BD, Danish Stakeholders Pilot Blood Tube Recycling Program


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Jul 21, 2023

BD, Danish Stakeholders Pilot Blood Tube Recycling Program

Norbert Sparrow | May 17, 2023 Medical technology company BD uses a tremendous

Norbert Sparrow | May 17, 2023

Medical technology company BD uses a tremendous amount of plastics to manufacture an array of single-use devices. It also happens to be in the vanguard of medical device companies seeking to inject circularity into healthcare. Its latest project involves studying the feasibility of recycling used blood collection tubes in collaboration with academic institutions, medical facilities, and governmental bodies in Denmark.

The pilot project, part of Denmark's Climate Action Strategy, is being conducted at the Odense University Hospital in collaboration with BD; the Health Innovation Centre of Southern Denmark; non-profit R&D body Danish Technological Institute; and GMAF Circular Medico/EcoFitt, a manufacturer that developed the world's first 90% recyclable medical face mask. The partnership models a circular economy approach by reducing material use; redesigning materials, products, and services to be less resource intensive; and recapturing waste as a resource to manufacture new materials and products, said the news release.

The collaboration is part of a broader nationwide effort to reduce Denmark's greenhouse gas emissions by 70% in 2030 compared to 1990 levels.

BD is the world's largest manufacturer of blood collection tubes. It is committed to reducing the environmental impact of its product portfolio in alignment with its 2030+ environmental, social, and governance goals. "This partnership and program are a great example of like-minded stakeholders coming together to drive progress toward a greener, more sustainable healthcare system, because success cannot be accomplished by any one stakeholder alone," said Amit Limaye, director of the BD Sustainable Medical Technology Institute, in a prepared statement.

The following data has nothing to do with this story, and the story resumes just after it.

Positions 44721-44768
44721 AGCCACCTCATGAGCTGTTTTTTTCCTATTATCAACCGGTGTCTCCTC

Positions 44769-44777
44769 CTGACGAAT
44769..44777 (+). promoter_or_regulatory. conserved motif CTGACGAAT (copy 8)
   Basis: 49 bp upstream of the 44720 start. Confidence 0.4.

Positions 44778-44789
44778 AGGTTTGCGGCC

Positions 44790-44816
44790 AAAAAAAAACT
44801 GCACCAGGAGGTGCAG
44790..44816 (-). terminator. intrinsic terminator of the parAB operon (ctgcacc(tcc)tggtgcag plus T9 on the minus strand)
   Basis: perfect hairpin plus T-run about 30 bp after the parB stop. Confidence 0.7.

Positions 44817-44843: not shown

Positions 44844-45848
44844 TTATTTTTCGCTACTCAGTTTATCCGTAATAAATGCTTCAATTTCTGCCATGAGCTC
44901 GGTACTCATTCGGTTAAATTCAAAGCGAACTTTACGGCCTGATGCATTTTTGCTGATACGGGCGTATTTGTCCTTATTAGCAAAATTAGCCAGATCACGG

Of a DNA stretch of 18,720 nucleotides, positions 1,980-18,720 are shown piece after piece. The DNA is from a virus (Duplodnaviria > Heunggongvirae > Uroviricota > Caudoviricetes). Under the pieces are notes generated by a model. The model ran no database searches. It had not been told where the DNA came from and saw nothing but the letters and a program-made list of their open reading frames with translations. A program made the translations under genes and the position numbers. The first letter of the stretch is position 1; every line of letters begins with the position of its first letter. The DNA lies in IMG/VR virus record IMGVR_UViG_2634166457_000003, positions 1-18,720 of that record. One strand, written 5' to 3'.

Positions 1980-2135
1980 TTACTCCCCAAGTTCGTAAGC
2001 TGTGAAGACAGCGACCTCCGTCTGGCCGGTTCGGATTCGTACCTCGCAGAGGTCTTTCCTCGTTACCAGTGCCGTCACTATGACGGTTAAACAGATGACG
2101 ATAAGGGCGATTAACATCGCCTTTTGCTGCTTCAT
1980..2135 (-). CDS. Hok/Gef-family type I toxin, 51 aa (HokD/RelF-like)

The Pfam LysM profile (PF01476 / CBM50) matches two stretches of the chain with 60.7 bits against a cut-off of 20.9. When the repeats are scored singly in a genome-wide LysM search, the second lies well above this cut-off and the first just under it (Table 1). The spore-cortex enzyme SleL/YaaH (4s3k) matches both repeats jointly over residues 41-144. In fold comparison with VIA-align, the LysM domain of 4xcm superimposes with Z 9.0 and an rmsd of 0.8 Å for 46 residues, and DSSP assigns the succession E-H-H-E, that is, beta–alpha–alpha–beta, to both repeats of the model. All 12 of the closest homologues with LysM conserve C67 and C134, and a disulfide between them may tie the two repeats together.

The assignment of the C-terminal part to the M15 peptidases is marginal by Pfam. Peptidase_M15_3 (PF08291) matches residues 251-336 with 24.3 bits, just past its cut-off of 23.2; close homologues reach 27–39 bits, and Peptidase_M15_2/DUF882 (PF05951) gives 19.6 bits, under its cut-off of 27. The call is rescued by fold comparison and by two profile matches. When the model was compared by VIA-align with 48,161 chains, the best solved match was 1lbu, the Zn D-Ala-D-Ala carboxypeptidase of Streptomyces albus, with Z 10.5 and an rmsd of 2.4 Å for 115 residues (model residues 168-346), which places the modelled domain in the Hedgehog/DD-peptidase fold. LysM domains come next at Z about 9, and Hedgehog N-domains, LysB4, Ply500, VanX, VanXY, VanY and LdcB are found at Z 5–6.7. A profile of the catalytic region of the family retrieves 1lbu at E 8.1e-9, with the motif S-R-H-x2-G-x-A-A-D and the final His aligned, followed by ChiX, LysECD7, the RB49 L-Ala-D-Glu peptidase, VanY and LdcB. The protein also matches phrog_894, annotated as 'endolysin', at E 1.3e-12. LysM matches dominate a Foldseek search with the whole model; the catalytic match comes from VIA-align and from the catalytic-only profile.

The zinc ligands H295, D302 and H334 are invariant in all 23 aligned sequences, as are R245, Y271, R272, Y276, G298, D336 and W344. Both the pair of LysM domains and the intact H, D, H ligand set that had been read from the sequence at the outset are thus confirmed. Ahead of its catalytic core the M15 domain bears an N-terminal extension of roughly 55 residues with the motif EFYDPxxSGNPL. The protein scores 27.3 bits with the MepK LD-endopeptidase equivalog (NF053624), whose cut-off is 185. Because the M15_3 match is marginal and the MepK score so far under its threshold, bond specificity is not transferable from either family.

Because they are considered a biohazard, blood collection tubes are currently incinerated after use in Denmark and elsewhere. This initiative will investigate steps involved in safely recycling the plastic tubes, which are made of high-quality raw materials, and evaluating the quality of the recycled plastic. The program is currently in an evaluation phase to establish basic technical feasibility and will move to the next phase later this year. The ultimate goal is to demonstrate the feasibility of recapturing the plastics used in blood collection tubes for new applications.

Earlier this year, BD also started a pilot program in the United States to determine the feasibility of recycling syringes discarded by healthcare facilities. It had been successfully recovering non-saleable injection systems from the production floor and, in partnership with waste management company Casella, recycling 100% of the syringes that previously had been going to landfill. BD decided to up the ante in February by using mechanical and chemical processes to recycle used syringes from medical facilities. Initial results are expected in the first half of 2023. Learn more about this initiative by reading our report on this pilot program.

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